Too Many People Are Still Using Windows 7… Why it’s Very Unwise to be Doing This.

Blog / Too Many People Are Still Using Windows 7… Why it’s Very Unwise to be Doing This.

Windows 7 has been with us for a long time. Now it has been supplanted by Windows 10. At the same time, no it hasn’t. Making sure your computers remain on a supported operating system are just as important as replacing broken equipment or upgrading old hardware. Operating system end-of-life is a real thing and Microsoft was making the date very public for a very long time. No outfit can have a valid excuse for this to suddenly come as a total surprise.

Windows 7 is rather unique, as far as Microsoft operating systems go. In general terms, it is no longer supported and will not receive further Security Updates. That is, unless you pay for extended support. For the next three years, Microsoft will continue to provide you with Security Updates, IF you pay a price.


So, why is it that not receiving Windows 7 updates is such a big deal?

Well, let’s look at the real world of operating system usage for a moment:

Researching around the Internet, it’s easy to find numbers and statistics for what operating systems are being used. As of January 2020, there are approx. 200 million PCs around the world using old/outdated operating systems. Most of them run Windows 7. About 40% of all consumers are still running Windows 7 and at least 60% of all enterprises still have Windows 7 machines functioning in their network!

This means that it is still perfectly reasonable for cyber attackers to focus their efforts on compromising Windows 7 devices. After all, there are more than enough devices out there that can garner solid returns on their hacking endeavours.

Now add to this the fact that most of those consumers are unlikely to pay for extended support. Also, consider that a percentage of those businesses will not be receiving updates and it adds up to a lot of Windows 7 machines that will start to go the non-patched route, yet still remain in active use.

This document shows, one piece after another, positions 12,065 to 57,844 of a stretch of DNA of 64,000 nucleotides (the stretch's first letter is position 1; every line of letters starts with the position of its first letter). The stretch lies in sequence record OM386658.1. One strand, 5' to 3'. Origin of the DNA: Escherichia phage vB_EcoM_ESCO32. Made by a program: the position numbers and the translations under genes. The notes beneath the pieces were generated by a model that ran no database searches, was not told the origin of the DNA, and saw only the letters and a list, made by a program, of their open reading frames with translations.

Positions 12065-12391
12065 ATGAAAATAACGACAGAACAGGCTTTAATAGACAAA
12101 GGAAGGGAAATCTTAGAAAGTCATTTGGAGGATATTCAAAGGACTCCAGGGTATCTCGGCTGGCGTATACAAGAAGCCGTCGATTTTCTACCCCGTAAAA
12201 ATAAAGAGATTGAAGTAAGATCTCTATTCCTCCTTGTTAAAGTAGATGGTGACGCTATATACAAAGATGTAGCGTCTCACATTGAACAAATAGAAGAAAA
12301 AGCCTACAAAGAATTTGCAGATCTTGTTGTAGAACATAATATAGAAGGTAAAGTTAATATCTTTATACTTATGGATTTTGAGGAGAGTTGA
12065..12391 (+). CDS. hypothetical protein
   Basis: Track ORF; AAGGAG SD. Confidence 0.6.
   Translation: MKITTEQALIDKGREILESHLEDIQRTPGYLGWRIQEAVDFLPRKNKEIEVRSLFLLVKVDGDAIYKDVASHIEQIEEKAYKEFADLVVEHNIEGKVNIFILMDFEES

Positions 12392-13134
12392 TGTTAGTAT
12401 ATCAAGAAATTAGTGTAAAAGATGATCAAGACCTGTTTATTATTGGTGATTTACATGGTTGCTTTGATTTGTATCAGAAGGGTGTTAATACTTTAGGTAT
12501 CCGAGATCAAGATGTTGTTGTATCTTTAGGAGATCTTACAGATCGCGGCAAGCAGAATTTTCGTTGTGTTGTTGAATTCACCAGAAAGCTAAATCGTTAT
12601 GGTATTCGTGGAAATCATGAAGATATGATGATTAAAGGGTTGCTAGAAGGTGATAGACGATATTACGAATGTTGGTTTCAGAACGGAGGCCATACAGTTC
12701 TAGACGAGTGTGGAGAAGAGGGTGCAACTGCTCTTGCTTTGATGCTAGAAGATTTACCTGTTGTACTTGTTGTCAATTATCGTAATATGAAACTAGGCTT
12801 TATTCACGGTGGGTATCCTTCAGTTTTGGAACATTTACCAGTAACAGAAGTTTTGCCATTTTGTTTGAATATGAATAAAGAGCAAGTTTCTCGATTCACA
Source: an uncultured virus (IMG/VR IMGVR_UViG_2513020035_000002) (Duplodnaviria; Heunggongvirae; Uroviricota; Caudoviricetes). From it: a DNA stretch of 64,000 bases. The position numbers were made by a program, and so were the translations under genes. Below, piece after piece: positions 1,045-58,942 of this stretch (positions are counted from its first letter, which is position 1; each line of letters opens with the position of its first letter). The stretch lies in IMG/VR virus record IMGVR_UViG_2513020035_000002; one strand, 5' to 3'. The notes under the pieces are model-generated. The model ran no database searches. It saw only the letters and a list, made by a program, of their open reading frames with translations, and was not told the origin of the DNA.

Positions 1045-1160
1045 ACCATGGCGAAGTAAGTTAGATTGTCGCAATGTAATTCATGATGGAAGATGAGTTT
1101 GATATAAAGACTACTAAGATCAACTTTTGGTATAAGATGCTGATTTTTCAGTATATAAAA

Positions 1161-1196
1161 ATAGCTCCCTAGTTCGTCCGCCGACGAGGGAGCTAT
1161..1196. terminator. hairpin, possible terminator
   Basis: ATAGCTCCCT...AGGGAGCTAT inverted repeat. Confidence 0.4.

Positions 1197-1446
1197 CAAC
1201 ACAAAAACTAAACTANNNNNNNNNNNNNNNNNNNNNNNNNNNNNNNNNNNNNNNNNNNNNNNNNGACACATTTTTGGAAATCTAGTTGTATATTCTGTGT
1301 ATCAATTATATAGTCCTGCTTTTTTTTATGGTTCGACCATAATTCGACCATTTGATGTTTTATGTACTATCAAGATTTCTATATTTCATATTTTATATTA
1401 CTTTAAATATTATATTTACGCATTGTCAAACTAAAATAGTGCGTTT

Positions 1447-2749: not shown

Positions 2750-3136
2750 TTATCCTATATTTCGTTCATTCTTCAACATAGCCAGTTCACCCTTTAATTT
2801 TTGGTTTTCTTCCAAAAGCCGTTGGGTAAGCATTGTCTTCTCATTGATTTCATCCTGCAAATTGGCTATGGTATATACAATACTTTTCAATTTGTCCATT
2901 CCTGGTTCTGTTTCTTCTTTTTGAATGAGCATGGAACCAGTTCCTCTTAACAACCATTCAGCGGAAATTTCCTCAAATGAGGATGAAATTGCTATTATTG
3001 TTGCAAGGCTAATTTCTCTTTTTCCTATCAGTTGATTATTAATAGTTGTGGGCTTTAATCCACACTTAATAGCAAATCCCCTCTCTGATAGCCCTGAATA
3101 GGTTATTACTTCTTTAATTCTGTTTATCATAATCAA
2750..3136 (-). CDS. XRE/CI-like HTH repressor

The next question then is: Why is reverse-engineering patches for Windows 7 a big deal?

Well, let me tell you about something that is happening right now: There are people who make their living (for better or for worse) by finding holes in software. You can either find them yourself (this takes a huge amount of work and in-depth knowledge) or use a third party to do it for you, which is ever so much easier. That’s a winner in anyone’s books.

To tie all this into updates for Windows 7, something that can be done is examine the update itself, to see what sort of changes it makes to the operating system. Doing this is not difficult and doesn’t require special or expensive software or hardware. It goes on all the time and people read that update very closely, to find possible exploits. They then work to weaponize them as quickly as possible to try and catch people before they update their machines.

Now then, the situation we have is that updates will continue to happen, yet there is going to be a large number of computers available that will not receive any updates at all. To add some icing onto this cake, the situation will continue for the next three years. Windows 7 is not unique, as Microsoft allows people to pay for extended updates, after the official end-of-life date. What makes Windows 7 different is the shear volume of devices still using it, which is one in every five users. That’s too many. Time to move on!

Considering this situation, I really can’t stress strongly enough that all Windows 7 machines should be upgraded as soon as possible. Honestly, the upgrade process should have finished at least six months ago. Going forward, having a Windows 7 machine in your network that is not receiving updates, is a liability; a detriment to your Security.

Ideally I’d say that if you’ve got a Windows 7 machine that isn’t getting updates, you should totally remove it from you network. No Internet or network access of any sort. If that’s not an option, then at least treat it like an IoT device and make sure the network access it has is as limited as possible. These are only interim measures, as the priority should be to either upgrade to a supported operating system (Windows 10) or replace the computer entirely.


Windows 7 may be dead, but there are too many people out there who don’t think, realize or know so! The sad truth of the matter is that, just like the much-beloved Windows XP from two generations before it, people (very unwisely) still can’t seem to let go of Windows 7!

If you have any questions about upgrading Windows 7, please reach out to your TRINUS Account Manager for some stress-free IT.


By Kind Courtesy of Your Friendly Neighbourhood Cyber-Man.

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